Opioid analgesics are important pain medications that have been widely prescribed by physicians to the significant benefit of patients when used properly for their approved indications. Unfortunately, for years people assumed prescription pain relievers were safer than illicit drugs because they were medically prescribed. Too often, these drugs are taken for reasons or in ways or amounts not intended by a doctor, or taken by someone other than the person for whom they are prescribed, resulting in abuse, misuse and death.
The prescription drugs most commonly involved in these deaths are methadone, oxycodone, and hydrocodone. Research now suggests that abuse of these medications may lead to heroin use. Studies show that almost half of young people who inject heroin reported abusing prescription opioids before starting to use heroin. Some individuals switched to heroin because it was cheaper and easier to obtain than prescription opioids.
In 2016, the rate of deaths from drug overdoses in the U.S. since 2000 increased 137 percent, including a 200 percent increase in the rate of overdose deaths involving opioid pain relievers and heroin, according to a Medicare and Medicaid Research Review report. Recently, the FDA announced that immediate-release opioid painkillers would carry a “black box” warning about the risk of abuse, addiction, overdose and death — a measure intended to educate physicians when prescribing.
How Did We Get Here?
It is important to understand how the opiod crisis evolved. Nearly two decades ago, physicians were encouraged to be more aggressive about treating pain, often without enough training and support to do so safely. This came in combination with aggressive marketing of opioids to doctors, in which they were told, incorrectly, that opioids were not addictive when prescribed for legitimate pain.
While opioid prescriptions have increased markedly since 1999, the amount of pain reported by Americans has not changed. Now, nearly two million people in America have a prescription opioid use disorder, contributing to increased heroin use and the spread of HIV and hepatitis C.
A debate has been ongoing in the medical and health policy communities about the best ways to ensure that opioids are used appropriately to prevent further abuse and deaths. Charged with reviewing opioid medical products and monitoring how these products are used in the market, the FDA is challenged to strike a balance between their benefit in treating patients with moderate to severe pain and the risks associated with misuse, abuse and addiction.
In 2015, the FDA Drug Safety and Risk Management Advisory Committee recommended that doctors be required to complete specialized training in order to be able to prescribe opioids. Clearly, the need for education that will help medical professionals respond to the opioid epidemic has become urgent.
Mandatory Education Courses Help Strike a Balance
Just as a pain management specialist would never prescribe chemotherapy or heart medication to a patient, many believe physicians without training in this area should not prescribe opioids. Education can empower clinicians to make appropriate, well-informed decisions about whether to initiate, continue, modify, or discontinue opioid treatment for each individual patient at each clinical encounter. Education is vitally important for both reducing overprescribing and ensuring that patients in need retain access to opioids.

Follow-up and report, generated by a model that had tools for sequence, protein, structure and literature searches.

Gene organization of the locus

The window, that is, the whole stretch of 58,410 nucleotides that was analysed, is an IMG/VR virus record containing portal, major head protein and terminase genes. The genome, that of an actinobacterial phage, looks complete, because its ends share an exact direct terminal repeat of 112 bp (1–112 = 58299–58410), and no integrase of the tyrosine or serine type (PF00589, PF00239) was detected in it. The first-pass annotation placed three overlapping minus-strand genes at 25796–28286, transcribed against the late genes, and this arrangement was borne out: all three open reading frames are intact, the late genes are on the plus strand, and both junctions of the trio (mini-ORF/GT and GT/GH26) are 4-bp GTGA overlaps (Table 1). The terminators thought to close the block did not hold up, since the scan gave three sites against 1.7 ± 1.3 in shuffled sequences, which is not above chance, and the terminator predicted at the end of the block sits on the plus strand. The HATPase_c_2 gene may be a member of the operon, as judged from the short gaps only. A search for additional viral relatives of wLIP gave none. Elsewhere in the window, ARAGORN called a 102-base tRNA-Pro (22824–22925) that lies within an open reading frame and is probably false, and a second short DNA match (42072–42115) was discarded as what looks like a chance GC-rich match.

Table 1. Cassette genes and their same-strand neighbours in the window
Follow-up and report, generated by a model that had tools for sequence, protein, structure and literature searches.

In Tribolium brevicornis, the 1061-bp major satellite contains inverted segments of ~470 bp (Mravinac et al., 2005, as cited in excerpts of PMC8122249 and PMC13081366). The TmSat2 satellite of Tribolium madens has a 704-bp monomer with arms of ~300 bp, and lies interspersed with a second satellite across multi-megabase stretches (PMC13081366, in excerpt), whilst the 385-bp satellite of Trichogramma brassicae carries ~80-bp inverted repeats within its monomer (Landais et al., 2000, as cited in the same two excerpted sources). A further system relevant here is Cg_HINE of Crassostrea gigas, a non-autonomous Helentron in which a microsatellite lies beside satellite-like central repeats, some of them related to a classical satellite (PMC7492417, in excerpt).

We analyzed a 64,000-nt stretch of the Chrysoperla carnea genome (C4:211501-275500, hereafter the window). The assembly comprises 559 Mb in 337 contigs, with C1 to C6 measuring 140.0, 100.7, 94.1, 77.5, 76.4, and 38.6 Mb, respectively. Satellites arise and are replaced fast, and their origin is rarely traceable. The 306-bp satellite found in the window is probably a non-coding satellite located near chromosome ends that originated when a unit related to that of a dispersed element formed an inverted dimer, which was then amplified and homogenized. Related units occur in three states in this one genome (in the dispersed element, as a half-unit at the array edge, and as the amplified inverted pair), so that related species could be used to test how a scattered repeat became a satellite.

Physicians who prescribe opioids must understand a wide range of problems, including addiction and drug-drug interactions. Many primary care doctors who prescribe opioids in an effort to help their patients may fail to realize the complexity of the issues. Therefore, education should include drug-drug interactions, safe dosing, how to transition from one medication to another, how to monitor and look for signs of abuse, and how to use a state prescription monitoring program.
In the state of New York, for example, course work or training in pain management, palliative care, and addiction is mandatory for all prescribers licensed in New York who have a DEA registration number to prescribe controlled substances. The prescriber must complete at least three hours of course work or training in pain management, palliative care, and addiction.
While many agree a balance must be struck between limiting opioid use while ensuring that they reach patients who benefit from them the most, prescriber education is a finely tuned approach to addressing the opioid-misuse epidemic, enabling physicians to individualize care on the basis of a patient’s needs after a careful benefit–risk assessment.
Ashley Kiley, MPH, sales director, Tenet Diagnostics, oversees sales of full-service laboratory testing, genetic testing and laboratory supplies to various primary care and specialty physicians, hospitals and drug rehabilitation centers. In her career, Ashley has successfully and consistently converted territory business from competitors. With her background in public health Ashley has a firm grasp on the current state of medicine in the United States, and uses this knowledge to connect with physicians to provide the most thoughtful approach to their practice needs.